Sunday, October 31, 2010

october book club review

First of all, thank you for allowing me to join in on the book club fun this month! When I saw that Molly had picked a book of short stories, I definitely wanted to read along. (Because Molly is so awesome and because short stories are less daunting than entire novels).

I had absolutely no idea what to expect when I began reading Interpreter of Maladies. I quickly discovered that Lahiri is very good at drawing you into her stories. I'm not a huge fan of fiction because many times it takes so long for the story to actually get started. Too often, you have to read through all the introductions of characters and story lines before it gets good. However, in each story Lahiri had me hooked by at least page two. And I wanted to keep reading every time!

What I really enjoyed about the stories in this collection was how realistic they are. If you know how I like my movies and books, you would know that I cannot stand predictable story lines or stories that always have a clean resolution or ending. This is precisely what I enjoyed about Interpreter of Maladies. In each case, the ending was either something unexpected or it simply ended without a clear resolution to the conflict.

*Spoiler Alert*
Of all the stories, my favorite was A Temporary Matter. At first I was a little upset with how it ended; mostly because I was wanting more! Like I said, I was so drawn into the story and the characters that I was taken aback when it ended so abruptly. I liked the story because I could relate personally to it more than any of the others.

My husband and I lost our first child late in pregnancy (although not as late as Shoba and Shukumar). While our loss brought my husband and I closer together, I can easily see how it could tear husband and wife apart as it did in this story. My heart ached for them with every page, and as they started to grow closer I started to feel joy. But in the end, I was disappointed with Shoba's ultimate decision, mostly because I know the other side of it. I know that if you work and communicate, the pain and suffering from such a loss can be overcome.

Overall, I came away from reading this collection without regretting the time I spent on it. That may sound harsh, but like I said, I'm very picky about the fiction I read. I was thoroughly entertained by each story and in most cases wanted more. I felt connections with the characters and in many cases felt their emotions right along with them. Lahiri is a great story-teller.

To read the other blogger's reviews of this book, click here.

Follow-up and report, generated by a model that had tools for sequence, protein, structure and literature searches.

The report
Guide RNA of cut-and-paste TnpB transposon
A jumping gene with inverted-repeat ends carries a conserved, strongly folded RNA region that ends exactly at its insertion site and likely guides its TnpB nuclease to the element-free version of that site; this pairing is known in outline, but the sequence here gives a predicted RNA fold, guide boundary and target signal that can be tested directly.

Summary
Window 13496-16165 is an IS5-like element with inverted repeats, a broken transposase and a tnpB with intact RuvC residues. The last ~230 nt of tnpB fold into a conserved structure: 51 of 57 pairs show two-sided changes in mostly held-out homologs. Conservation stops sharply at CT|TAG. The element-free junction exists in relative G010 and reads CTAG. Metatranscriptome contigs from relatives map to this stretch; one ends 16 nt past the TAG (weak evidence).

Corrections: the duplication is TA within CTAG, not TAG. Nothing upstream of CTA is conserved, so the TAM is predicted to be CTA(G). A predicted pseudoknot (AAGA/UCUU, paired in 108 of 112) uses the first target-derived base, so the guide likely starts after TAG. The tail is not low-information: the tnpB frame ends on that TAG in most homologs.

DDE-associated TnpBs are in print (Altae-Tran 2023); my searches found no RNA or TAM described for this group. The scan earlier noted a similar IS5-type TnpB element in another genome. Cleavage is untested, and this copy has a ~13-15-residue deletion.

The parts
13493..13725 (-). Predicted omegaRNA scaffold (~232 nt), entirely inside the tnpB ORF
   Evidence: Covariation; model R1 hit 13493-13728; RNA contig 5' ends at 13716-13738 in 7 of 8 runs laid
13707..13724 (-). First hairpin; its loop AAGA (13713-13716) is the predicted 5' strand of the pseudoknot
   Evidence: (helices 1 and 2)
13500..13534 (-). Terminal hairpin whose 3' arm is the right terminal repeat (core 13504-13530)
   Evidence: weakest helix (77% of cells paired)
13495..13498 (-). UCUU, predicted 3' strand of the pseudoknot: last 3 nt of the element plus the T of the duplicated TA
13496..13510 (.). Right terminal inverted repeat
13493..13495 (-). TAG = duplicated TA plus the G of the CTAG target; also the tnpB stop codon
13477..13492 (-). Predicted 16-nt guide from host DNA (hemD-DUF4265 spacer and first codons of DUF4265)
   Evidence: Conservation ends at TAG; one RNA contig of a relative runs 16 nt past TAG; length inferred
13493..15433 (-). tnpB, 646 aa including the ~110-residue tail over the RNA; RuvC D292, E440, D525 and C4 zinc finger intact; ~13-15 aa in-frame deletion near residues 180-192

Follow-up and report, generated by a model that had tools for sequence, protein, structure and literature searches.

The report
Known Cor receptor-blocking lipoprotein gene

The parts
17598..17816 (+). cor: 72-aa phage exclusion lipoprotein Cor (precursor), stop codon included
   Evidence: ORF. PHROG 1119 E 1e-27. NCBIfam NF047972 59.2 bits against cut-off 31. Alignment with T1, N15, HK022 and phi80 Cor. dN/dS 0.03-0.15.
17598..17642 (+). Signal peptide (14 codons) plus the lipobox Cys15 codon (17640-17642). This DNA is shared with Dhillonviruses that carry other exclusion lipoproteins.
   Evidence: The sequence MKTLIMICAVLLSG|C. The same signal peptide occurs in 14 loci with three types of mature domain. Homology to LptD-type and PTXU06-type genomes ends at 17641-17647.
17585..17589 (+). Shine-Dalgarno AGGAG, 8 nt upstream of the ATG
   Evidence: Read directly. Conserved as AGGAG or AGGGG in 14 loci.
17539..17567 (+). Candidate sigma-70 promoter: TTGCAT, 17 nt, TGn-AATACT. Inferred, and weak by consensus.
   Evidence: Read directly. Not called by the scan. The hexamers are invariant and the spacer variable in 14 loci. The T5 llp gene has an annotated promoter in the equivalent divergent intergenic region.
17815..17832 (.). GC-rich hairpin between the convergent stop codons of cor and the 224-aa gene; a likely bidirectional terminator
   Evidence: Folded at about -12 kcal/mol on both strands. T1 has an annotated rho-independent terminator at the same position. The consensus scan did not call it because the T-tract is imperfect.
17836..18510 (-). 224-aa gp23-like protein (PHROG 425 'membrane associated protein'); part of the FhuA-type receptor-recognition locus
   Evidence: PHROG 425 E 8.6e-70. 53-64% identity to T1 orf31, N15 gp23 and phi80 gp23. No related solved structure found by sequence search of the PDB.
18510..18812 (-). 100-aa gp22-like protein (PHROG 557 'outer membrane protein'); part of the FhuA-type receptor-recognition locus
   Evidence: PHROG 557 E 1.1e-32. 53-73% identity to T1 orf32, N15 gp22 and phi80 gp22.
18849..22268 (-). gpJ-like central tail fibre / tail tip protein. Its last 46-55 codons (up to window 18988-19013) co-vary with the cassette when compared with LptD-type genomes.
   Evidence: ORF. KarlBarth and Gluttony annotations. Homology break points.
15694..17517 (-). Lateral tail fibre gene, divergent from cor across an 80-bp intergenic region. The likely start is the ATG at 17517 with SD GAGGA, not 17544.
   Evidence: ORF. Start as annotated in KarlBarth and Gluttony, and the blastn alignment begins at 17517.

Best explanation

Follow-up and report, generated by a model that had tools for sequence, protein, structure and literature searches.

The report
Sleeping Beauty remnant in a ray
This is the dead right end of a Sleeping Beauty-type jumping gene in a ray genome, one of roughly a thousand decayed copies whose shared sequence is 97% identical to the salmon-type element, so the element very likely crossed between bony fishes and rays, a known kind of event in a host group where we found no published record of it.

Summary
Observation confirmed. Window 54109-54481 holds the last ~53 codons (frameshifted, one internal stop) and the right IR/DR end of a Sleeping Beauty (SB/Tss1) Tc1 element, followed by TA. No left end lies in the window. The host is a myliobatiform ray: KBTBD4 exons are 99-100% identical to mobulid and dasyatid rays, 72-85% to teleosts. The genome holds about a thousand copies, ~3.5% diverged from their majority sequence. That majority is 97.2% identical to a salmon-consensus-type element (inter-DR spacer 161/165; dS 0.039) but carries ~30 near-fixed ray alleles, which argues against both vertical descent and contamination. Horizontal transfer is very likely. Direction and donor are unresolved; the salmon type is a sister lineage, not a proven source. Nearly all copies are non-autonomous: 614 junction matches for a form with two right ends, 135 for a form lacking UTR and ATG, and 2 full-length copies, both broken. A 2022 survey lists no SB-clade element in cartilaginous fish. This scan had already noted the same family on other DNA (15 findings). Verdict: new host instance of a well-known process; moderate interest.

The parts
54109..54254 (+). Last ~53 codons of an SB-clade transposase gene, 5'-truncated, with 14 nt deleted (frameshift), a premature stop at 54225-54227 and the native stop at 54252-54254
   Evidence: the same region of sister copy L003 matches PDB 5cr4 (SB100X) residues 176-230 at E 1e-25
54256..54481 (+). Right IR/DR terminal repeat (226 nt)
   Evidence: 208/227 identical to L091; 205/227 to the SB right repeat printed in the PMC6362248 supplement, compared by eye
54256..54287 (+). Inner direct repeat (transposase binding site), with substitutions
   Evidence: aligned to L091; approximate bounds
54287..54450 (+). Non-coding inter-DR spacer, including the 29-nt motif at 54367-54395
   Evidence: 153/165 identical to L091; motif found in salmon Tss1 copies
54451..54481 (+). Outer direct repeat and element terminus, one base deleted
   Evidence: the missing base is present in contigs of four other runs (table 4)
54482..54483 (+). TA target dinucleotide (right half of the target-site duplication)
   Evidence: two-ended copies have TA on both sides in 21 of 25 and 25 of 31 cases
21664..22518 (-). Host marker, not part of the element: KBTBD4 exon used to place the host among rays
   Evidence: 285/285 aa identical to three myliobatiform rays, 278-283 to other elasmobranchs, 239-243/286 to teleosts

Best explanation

5 comments:

  1. wonderful review! i like how you related it to your own life, though not in a happy way (i'm so sorry). but i see on your sidebar that you have a little one on the way!! congratulations and i wish you well :)

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  2. i totally agree that everything just pulled the reader into the stories! i really liked how the descriptions made the exotic familiar and the everyday, interesting. thanks for joining us!

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  3. Interesting to hear how "A Temporary Matter" hit close to home for you - when you find a book or story like that, it makes sense why you would like it. Although this whole book did NOT do anything for me (other than the few things I commented on in my post), I have experienced that with other books and know how special those are to me. Thanks for sharing!

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  4. I'm so glad you don't regret reading it! Nicely written review. There's something special about Lahiri's ability to create relatable characters and unexpected stories. If you're interested she has another collection of short stories that's pretty spectacular too.

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  5. I'm glad you participated this time around, and I hope you continue to do so! Maybe we can show you a few other fiction stories you feel are worthwhile? :)

    I'm glad you were able to relate to "A Temporary Matter", especially since it was the opposite reaction to a similar situation. I thought Shoba and Shukumar's story was one of the most heartbreaking, since it could have been so easily fixed. I was looking for a story of redemption, and I was a little shell-shocked to find the exact opposite. It was tragically beautiful, though.

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